Maryland history


Octavia E. Butler’s notes on her process of writing Kindred, her critically-acclaimed 1979 novel.

Photos by Clockshop, taken at the Octavia E. Butler papers at the Huntington Library, Museum & Botanical Gardens in San Marino, California.  @huntingtonlibrary

Radio Imagination celebrates the life and work of Pasadena science fiction writer Octavia E. Butler (1947–2006). Organized by Clockshop, the program centers on ten contemporary art and literary commissions that explore Butler’s archive at the Huntington Library. New work will premiere alongside performances, film screenings, and literary events throughout the year.

Oyster dredging
December 1, 1953
A. Aubrey Bodine (1906-1970)
Bodine Collection
Baltimore City Life Museum Collection
Maryland Historical Society
B998 .4

Unidentified African American Civil War Soldier in Union Uniform With Wife And Two Daughters

Photograph showing soldier in uniform, wife in dress and hat, and two daughters wearing matching coats and hats. In May 1863, U.S. Secretary of War Edwin Stanton issued General Order No. 143 creating the Bureau of U. S. Colored Troops. This image was found in Cecil County, Maryland, making it likely that this soldier belonged to one of the seven U.S.C.T. regiments raised in Maryland. 

The history of the United States Colored Troops remains a fascinating topic as their contributions in the Civil War marked a turning point within the country. Without their service the Union may have faltered in their movement against the Confederacy.

(Source: Matthew R. Gross and Elizabeth T. Lewin, 2010) Colorized by Stacey Palmer@

  • Forms part of: Liljenquist Family Collection of Civil War Photographs (Library of Congress).

Bathing beauties beat the summer beach at Carr’s Beach, Maryland, circa 1939. 

“Carr’s Beach, at one time one of the leading beaches for east coast African Americans, was affectionately called, “The Beach.” Although The Beach no longer exists as a vacation getaway spot, Carr’s Beach and its neighboring Sparrow’s Beach were two of the major Chesapeake Bay resorts that catered exclusively to African Americans between the 1930s and the 1960s.  Owned by sisters, Elizabeth Carr Smith and Florence Carr Sparrow, The Beaches were a vacation retreat for black families in the Mid-Atlantic region.” -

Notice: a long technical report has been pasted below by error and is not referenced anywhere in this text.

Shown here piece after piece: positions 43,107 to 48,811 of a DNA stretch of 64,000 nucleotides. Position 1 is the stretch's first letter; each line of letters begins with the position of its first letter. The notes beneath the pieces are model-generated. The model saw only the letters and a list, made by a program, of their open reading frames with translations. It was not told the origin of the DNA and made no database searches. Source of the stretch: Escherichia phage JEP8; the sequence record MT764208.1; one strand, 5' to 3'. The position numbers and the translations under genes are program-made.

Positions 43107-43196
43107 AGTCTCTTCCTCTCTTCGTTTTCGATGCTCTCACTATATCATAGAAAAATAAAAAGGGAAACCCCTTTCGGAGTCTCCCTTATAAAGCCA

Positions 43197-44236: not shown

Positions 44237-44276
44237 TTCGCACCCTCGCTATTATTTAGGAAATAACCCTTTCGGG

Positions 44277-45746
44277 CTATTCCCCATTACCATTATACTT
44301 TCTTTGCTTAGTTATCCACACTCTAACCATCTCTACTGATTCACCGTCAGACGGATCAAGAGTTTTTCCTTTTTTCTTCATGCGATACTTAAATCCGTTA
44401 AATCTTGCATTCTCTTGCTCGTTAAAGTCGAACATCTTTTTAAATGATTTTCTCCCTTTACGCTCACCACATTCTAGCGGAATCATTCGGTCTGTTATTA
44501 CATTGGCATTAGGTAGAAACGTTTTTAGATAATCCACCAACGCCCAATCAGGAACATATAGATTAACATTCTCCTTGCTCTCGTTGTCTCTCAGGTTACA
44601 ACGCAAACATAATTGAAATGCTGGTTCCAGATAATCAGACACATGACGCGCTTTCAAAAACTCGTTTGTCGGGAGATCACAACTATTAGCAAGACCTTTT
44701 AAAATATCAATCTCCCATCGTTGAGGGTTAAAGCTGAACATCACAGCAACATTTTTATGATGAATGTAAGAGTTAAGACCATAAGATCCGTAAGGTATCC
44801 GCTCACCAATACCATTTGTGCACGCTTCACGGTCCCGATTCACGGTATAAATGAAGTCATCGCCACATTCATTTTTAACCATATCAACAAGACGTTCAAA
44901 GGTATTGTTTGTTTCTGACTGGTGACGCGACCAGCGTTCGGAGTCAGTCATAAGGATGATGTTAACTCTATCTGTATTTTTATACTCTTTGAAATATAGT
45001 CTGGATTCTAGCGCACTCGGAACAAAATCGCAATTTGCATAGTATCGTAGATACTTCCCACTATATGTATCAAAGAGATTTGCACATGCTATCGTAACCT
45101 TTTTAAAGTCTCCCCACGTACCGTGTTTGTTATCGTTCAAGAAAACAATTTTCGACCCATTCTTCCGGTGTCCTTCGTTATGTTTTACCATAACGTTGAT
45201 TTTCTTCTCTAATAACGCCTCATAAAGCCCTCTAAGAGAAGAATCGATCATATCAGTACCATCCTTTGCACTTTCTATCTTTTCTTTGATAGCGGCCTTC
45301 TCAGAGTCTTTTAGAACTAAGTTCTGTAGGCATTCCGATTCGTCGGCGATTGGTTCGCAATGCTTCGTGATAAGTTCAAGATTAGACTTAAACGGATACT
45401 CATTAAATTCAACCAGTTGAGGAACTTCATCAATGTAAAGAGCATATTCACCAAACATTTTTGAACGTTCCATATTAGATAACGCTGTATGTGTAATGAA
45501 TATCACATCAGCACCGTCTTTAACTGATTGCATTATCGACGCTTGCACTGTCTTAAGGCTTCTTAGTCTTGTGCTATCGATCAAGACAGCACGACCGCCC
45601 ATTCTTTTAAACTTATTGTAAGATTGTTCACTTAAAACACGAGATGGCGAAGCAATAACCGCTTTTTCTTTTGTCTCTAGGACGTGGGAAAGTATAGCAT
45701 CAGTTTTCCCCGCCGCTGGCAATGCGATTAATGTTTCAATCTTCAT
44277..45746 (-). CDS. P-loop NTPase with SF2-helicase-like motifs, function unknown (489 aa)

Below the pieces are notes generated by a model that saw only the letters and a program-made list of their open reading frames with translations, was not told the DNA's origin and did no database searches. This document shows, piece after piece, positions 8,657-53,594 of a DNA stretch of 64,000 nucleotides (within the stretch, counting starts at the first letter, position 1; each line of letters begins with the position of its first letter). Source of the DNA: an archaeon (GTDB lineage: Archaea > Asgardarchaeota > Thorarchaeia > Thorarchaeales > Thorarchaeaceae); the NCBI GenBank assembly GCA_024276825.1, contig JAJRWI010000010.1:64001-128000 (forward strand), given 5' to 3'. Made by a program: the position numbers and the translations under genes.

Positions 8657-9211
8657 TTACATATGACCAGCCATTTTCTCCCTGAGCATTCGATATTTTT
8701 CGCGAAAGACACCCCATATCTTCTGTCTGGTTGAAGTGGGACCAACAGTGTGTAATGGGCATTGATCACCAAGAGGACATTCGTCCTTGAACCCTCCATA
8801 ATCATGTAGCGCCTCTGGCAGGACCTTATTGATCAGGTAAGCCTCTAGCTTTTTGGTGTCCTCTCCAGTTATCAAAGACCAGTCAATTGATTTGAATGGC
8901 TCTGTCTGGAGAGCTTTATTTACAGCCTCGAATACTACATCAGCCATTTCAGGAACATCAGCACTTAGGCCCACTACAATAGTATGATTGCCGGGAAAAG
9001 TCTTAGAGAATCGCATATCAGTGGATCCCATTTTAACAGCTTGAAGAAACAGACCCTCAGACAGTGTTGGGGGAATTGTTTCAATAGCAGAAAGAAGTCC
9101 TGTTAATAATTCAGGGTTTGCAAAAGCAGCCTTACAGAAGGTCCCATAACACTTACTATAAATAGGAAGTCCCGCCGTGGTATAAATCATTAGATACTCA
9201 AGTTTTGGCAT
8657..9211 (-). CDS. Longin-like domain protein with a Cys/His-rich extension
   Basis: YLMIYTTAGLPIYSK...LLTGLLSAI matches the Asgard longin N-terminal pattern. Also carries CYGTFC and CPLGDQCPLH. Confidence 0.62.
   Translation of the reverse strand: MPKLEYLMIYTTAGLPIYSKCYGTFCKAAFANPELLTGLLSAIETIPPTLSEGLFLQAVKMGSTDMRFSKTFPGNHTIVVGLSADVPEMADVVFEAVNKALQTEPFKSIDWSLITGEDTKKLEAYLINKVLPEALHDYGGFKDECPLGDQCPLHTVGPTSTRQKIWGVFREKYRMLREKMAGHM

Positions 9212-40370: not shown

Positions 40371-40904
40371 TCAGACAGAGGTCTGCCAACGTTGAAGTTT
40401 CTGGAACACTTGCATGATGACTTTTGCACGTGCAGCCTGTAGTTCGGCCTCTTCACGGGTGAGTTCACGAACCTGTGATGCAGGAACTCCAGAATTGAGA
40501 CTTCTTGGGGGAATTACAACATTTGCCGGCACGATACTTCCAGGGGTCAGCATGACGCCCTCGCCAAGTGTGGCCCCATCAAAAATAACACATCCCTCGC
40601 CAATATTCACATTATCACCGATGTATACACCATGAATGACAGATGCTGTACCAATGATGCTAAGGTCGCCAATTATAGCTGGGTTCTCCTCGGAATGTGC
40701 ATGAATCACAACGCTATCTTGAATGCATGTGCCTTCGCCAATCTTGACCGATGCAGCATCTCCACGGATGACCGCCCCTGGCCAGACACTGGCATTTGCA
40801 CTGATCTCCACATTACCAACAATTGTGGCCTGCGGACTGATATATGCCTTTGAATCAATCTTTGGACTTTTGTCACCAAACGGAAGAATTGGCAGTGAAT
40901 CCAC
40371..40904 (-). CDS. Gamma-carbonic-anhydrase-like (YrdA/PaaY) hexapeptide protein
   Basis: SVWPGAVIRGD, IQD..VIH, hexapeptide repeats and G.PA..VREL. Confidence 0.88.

Photo from the Joseph Owen Curtis Photograph Collection, DC Public Library Special Collections

Night street scene
Bolton Street from Dolphin Lane, Baltimore, Maryland
Hughes Company
8x10 inch glass negative
Baltimore City Life Museum Collection
Maryland Historical Society

Battleships at anchor on battleship row in Pearl Harbor on December 7, 1941.
USS Nevada
USS Oklahoma *
USS Pennsylvania
USS Arizona *
USS Tennessee
USS California *
USS Maryland
USS West Virginia *
*Sunk or destroyed

“Young Hucksters”
Baltimore, Maryland
Elinor B. Cahn
8x10 inch photograph
The East Baltimore Documentary Photography Project
Baltimore City Life Museum Collection
Maryland Historical Society

Copyright Elinor B. Cahn, 1977

“In 1976, Maryland Institute College of Art photography professor Linda G. Rich, and two of her students, Joan Clark Netherwood and Elinor B. Cahn, began work on a project documenting the large swath of neighborhoods collectively known as East Baltimore. What was intended to be merely a project for Rich’s class on social documentary photography, instead evolved into a four-year undertaking, resulting in over 10,000 photographs, and a unique portrait of a neighborhood in transition.” Read more about the background of The East Baltimore Documentary Project.

Great Falls Park in Virginia has many opportunities to explore history and nature, all in a beautiful 800-acre park only 15 miles from the Nation’s Capital. Explore one of the nation’s first canals, see the Great Falls of the Potomac River or enjoy a hike along Mather Gorge’s dramatic clifftops. Pictured here is an early morning view of the stunning waterfalls. Photo by Michael Leung (

SPECIAL COLLECTIONS (D. Lindley Sloan Collection) Republican ticket, presidential election, 1860, MSA SC 190.

The Republican Presidential ticket of 1860 includes some big names, like Abraham Lincoln, one of our most beloved Presidents. It also includes some lesser known Maryland names, like William L. Marshall, George Harris, Daniel T. Orem, William Pinckney Ewing, Francis S. Corkran, George Edward Wiss, Isaac Gehr, and Montgomery Blair, all of them Republican delegates supporting Abraham Lincoln’s candidacy for President. Montgomery Blair later became Postmaster General in the Lincoln Administration. Blair’s home in current-day Silver Spring was later burned down by the Confederate Army on one of their many trips across the Potomac River.

The ticket was given to the Maryland State Archives (then called the Hall of Records) in 1942 by D. Lindley Sloan. It was given to him by John Barnard of Cumberland, MD, who received it from William Stake of Williamsport, MD. Stake  was mayor of Williamsport from 1912-1916 and he may have obtained the ticket himself all the way back in 1860.

[Baltimore] City Hall, Centennial Illumination
[100 Holliday Street, Baltimore, Maryland]
Unidentified photographer
8x10 inch glass negative
Glass Plate Negative Collection
Maryland Historical Society

Google Maps Street View of Baltimore City Hall from Gay Street:

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